I am not an academic, which I believe almost everyone knows. My perspective is simply one of a practicing manager that graduated with a business degree from Babson College way back in 1975. I also picked up a master’s degree in public, not business administration, more than twenty years ago.
My colleagues on the Global Foundation for Management Education Board are all very accomplished business academicians. They know what they are writing about and I was happy to see them volunteer to write their thoughts on the financial crisis and expectations for management education. Naturally, not being an academician, I thought I was exempt from this assignment. Not so, I learned last month while visiting my friend Dave Wilson at GMAC’s offices in Northern Virginia. It was only during our discussion concerning the work of the Global Foundation for Management Education that I learned from our Vice President and Chief Knowledge Officer, Dan LeClair, that I, too, was expected to write down my thoughts on the financial crisis and potential impacts on management education. Okay, my friends, so here they are! Bear with me, it's a long story.
I started my career in June, 1975 as an internal auditor with Exxon Company, USA, in Baltimore, Maryland. Our field unit was responsible for the internal auditing of the Eastern Region of the US, which contained primarily marketing and distribution operations. It didn’t take very long to learn that managers may try to cheat in their operations and financial performance and reporting, and that good internal auditors often catch them. My first fraud was pretty simple. Retail store managers would charge for labor associated with automobile repairs, but when the daily books were done, sly managers would sometimes report significantly less labor revenue than was charged to the customer. Retail managers who practiced this deceit, and there were more back then than the company would likely want the world to know, would say that they were just covering shortages in inventorial parts. But the truth was, they were also keeping some for themselves. When we found an overly gluttonous manager at one of the Baltimore retail stores, corporate security got involved and, well, that gentlemen went to jail. He said he needed the money for a surgical procedure for a family member. There is always a reason.
While this early career introduction to financial manipulation for personal gain might seem trivial, it served a lesson to me that has lasted and has been regularly reinforced for the past thirty-five years. There were many more types of mini-frauds in the oil giant’s field operations, and I daresay, Exxon USA was managed very carefully and with extensive internal controls. Most likely, it was that environment that helped uncover wrong doing before it got out of hand. Yet later on in the 1970’s Esso Italia was caught being a little too financially friendly to Italian government officials with unrecorded company funds. Internal auditors at Esso Europe had pointed out that funds weren’t accounted for, but Esso’s Italian managers assured senior management it was just a simple mistake. The mistake was that Exxon waited too long to clean up the "mistake", and as a result, Exxon Corporation had to file a consent decree with the SEC. Many other corporations had made illegal or questionable payments to foreign governments totalling an estimated US $300 million.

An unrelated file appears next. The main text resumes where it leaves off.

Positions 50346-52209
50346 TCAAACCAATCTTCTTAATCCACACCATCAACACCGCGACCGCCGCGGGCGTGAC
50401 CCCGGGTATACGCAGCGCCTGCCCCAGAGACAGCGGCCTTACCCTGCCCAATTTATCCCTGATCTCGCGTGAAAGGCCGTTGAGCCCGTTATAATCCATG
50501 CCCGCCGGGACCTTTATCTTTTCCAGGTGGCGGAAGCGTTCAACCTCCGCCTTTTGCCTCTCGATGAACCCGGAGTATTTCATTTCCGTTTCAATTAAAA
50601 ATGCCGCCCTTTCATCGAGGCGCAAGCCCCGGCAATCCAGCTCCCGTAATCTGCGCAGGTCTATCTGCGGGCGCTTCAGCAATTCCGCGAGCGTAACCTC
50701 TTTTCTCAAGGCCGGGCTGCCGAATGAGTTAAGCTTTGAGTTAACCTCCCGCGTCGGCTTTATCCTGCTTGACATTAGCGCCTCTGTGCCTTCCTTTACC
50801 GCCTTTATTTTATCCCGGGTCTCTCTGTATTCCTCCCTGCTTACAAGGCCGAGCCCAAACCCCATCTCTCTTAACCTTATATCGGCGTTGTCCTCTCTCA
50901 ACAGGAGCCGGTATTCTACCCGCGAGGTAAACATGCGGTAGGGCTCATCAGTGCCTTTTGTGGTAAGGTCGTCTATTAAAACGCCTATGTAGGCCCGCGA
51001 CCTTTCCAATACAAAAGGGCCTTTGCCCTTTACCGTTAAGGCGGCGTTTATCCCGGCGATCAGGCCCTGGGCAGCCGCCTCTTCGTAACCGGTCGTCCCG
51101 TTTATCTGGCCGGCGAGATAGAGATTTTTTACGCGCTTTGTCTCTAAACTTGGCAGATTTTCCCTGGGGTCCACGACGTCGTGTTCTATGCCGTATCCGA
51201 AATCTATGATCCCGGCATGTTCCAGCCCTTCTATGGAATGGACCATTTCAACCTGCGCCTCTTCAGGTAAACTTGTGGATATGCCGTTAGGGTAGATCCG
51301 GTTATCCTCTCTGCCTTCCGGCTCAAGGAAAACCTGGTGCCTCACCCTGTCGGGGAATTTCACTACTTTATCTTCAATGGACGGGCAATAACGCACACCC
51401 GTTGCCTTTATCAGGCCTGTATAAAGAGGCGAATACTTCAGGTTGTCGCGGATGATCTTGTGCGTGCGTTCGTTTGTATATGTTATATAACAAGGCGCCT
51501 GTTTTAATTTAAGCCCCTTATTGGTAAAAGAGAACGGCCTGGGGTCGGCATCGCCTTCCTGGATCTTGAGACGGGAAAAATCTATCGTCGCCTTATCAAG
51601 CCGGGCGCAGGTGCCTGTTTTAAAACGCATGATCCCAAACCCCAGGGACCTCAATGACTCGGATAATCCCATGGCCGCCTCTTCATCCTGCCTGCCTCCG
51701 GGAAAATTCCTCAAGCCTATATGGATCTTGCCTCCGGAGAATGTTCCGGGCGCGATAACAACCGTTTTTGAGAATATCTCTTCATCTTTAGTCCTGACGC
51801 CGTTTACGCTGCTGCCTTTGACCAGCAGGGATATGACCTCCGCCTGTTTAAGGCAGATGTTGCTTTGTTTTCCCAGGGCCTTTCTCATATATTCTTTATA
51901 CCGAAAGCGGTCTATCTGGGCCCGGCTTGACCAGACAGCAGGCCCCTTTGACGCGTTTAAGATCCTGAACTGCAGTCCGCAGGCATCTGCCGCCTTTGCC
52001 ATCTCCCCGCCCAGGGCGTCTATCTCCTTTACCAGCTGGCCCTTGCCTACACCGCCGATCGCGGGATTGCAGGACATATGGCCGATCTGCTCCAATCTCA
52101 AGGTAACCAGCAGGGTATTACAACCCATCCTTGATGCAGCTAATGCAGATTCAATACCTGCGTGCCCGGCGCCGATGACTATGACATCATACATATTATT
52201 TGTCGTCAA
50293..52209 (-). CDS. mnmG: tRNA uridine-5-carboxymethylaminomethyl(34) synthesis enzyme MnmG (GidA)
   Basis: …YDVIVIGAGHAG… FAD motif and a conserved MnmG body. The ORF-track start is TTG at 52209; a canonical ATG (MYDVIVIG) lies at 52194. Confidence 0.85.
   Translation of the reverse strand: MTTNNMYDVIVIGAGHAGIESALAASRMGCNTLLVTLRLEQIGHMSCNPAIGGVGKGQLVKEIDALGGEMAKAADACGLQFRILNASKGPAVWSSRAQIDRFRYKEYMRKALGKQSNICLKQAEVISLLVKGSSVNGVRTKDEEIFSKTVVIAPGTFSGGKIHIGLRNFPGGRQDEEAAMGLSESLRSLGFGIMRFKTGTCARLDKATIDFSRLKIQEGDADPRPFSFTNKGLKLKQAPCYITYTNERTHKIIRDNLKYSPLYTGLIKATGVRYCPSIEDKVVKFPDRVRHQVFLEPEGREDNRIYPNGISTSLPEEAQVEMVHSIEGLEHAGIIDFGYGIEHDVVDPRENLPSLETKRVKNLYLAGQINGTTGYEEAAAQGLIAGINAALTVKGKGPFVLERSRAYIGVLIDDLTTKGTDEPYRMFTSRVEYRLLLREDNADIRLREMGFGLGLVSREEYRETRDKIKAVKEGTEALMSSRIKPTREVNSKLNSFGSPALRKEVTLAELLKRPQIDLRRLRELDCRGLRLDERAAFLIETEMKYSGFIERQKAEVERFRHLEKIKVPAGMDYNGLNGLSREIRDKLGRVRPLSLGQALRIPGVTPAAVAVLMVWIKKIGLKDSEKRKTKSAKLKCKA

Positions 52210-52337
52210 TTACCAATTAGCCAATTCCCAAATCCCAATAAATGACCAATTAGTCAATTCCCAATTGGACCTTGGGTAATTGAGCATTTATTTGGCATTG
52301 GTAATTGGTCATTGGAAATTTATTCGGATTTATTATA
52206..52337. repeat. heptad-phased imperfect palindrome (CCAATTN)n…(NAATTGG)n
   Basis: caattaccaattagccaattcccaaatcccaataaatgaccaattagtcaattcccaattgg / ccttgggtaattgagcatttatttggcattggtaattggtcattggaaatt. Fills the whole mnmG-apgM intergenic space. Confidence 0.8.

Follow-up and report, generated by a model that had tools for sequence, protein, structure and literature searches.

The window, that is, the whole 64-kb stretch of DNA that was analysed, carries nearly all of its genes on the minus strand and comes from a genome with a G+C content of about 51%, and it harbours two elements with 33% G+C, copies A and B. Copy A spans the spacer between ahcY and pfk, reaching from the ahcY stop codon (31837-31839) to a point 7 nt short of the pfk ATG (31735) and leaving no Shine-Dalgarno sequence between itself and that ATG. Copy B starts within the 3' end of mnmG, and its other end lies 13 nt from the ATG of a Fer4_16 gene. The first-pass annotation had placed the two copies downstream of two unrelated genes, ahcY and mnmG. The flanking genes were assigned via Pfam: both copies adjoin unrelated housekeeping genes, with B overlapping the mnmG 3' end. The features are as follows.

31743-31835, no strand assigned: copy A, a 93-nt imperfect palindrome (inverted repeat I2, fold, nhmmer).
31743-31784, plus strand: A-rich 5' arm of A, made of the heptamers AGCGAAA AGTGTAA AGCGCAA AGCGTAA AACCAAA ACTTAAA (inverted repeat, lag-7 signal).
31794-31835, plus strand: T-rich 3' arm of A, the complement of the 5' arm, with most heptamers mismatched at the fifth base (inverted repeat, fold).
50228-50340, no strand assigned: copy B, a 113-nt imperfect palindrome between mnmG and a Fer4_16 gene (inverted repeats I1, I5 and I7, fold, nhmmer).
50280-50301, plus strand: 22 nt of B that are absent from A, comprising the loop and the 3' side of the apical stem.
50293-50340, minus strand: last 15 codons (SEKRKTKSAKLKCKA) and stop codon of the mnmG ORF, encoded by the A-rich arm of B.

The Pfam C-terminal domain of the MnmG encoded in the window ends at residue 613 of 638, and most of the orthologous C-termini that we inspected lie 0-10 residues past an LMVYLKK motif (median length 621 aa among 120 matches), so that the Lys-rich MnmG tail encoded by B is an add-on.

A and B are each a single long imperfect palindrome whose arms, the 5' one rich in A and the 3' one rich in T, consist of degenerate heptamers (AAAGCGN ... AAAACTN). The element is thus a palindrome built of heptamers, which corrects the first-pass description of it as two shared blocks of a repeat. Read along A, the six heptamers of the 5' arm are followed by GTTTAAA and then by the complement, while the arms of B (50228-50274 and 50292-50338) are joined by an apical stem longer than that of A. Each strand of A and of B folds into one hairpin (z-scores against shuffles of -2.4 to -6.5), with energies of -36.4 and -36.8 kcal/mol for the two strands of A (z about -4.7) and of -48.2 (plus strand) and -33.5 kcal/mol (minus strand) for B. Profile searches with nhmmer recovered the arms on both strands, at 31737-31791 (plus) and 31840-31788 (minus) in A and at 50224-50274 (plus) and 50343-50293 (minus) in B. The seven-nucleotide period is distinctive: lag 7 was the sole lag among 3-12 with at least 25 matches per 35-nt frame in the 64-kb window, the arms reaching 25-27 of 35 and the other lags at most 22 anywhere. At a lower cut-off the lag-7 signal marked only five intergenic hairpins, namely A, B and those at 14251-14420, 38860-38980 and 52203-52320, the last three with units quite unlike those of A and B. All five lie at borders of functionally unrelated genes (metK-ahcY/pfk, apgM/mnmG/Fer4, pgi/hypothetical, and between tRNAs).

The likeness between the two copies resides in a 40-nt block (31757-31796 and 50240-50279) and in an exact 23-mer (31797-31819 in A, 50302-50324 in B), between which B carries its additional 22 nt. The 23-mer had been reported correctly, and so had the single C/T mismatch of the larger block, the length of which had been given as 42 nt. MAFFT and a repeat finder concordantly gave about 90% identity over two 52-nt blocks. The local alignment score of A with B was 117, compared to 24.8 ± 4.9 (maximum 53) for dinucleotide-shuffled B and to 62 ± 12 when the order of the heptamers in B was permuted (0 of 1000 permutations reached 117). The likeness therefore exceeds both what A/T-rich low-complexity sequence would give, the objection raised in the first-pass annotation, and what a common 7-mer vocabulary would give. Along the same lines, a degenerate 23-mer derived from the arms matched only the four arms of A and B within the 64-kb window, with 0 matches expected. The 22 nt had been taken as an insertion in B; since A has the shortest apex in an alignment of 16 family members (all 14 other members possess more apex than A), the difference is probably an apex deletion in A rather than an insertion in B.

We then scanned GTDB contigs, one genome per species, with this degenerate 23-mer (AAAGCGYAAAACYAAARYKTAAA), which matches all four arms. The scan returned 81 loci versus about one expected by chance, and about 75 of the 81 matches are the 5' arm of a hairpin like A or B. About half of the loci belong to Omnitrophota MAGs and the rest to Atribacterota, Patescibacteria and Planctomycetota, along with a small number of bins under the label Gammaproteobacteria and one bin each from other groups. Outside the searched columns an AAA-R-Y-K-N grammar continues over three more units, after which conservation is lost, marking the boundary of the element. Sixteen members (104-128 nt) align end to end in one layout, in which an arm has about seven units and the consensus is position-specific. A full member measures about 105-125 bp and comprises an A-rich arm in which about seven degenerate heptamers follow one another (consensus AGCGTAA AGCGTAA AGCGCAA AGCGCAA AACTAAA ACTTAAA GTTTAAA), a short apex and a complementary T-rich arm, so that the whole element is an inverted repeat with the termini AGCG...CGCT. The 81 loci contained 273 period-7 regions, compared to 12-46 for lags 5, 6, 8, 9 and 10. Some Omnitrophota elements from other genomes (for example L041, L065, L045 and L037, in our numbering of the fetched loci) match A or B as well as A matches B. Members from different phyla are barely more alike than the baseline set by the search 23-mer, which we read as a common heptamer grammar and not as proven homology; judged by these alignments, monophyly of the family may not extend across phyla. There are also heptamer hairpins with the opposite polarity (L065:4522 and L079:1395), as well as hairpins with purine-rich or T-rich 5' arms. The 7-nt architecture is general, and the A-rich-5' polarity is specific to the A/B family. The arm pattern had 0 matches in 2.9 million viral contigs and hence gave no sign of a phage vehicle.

Shortly thereafter the Foreign Corrupt Practices Act of 1977 became law, a law that applied to all US companies and their affiliates no matter where they operated. The FCPA said among other things, "no more bribes to foreign government officers" and that, "access to assets could only be made in accordance with management authorization". Further, companies under the governance of the Securities and Exchange Commission (SEC) must have proper “internal accounting controls” that were monitored by a review process. These requirements applied to all accounts, not just those held in foreign countries.
Corporate accounting Sheriff Arthur Andersen came up with their innovative Transaction Flow Analysis (TFA) process to meet FCPA requirements and hundreds of companies listened to Sheriff Arthur and implemented their system. We will talk more about Arthur Andersen later on. Now it was thought by many a government and elected official, as well as a cadre of managers, that the FCPA would cure the risk of financial malfeasance and that, certainly, detective processes like TFA would catch any evil doers.
Not too many years later, following the mercurial rise in interest rates in the US, we heard there was trouble in the Savings and Loan industry. Many S&L's had so many bad loans that liquidity was decimated. So called regulatory accounting procedures were a major culprit and the S&L industry was knocked to its knees. The Foreign Corrupt Practices Act had not anticipated the S&L risk and TFA application was insufficient to prevent it. What was believed back in the 1980s was that more regulation was needed. The FCPA was just not enough. So, the US government set up the National Commission on Fraudulent Financial Reporting (The Treadway Commission), nicknamed for its leader. Treadway said, in a nutshell, that poorly trained audit committees and ineffective corporate governance were to blame, in part, for the savings and loan debacle and fraudulent financial reporting. Treadway contended that if these malfunctions were fixed, well, all our worries of potential financial shenanigans would be mitigated. So, many more companies adopted internal audit staffs, audit committees were "trained", and a Committee of Sponsoring Organizations made up of accounting gurus, was formed to develop a new framework for internal controls. The advent of stronger corporate governance, including curricula in business schools emerged. Some schools, like Kennesaw in Atlanta, set up centers for corporate governance. Now, it was believed, we would all be financially safe.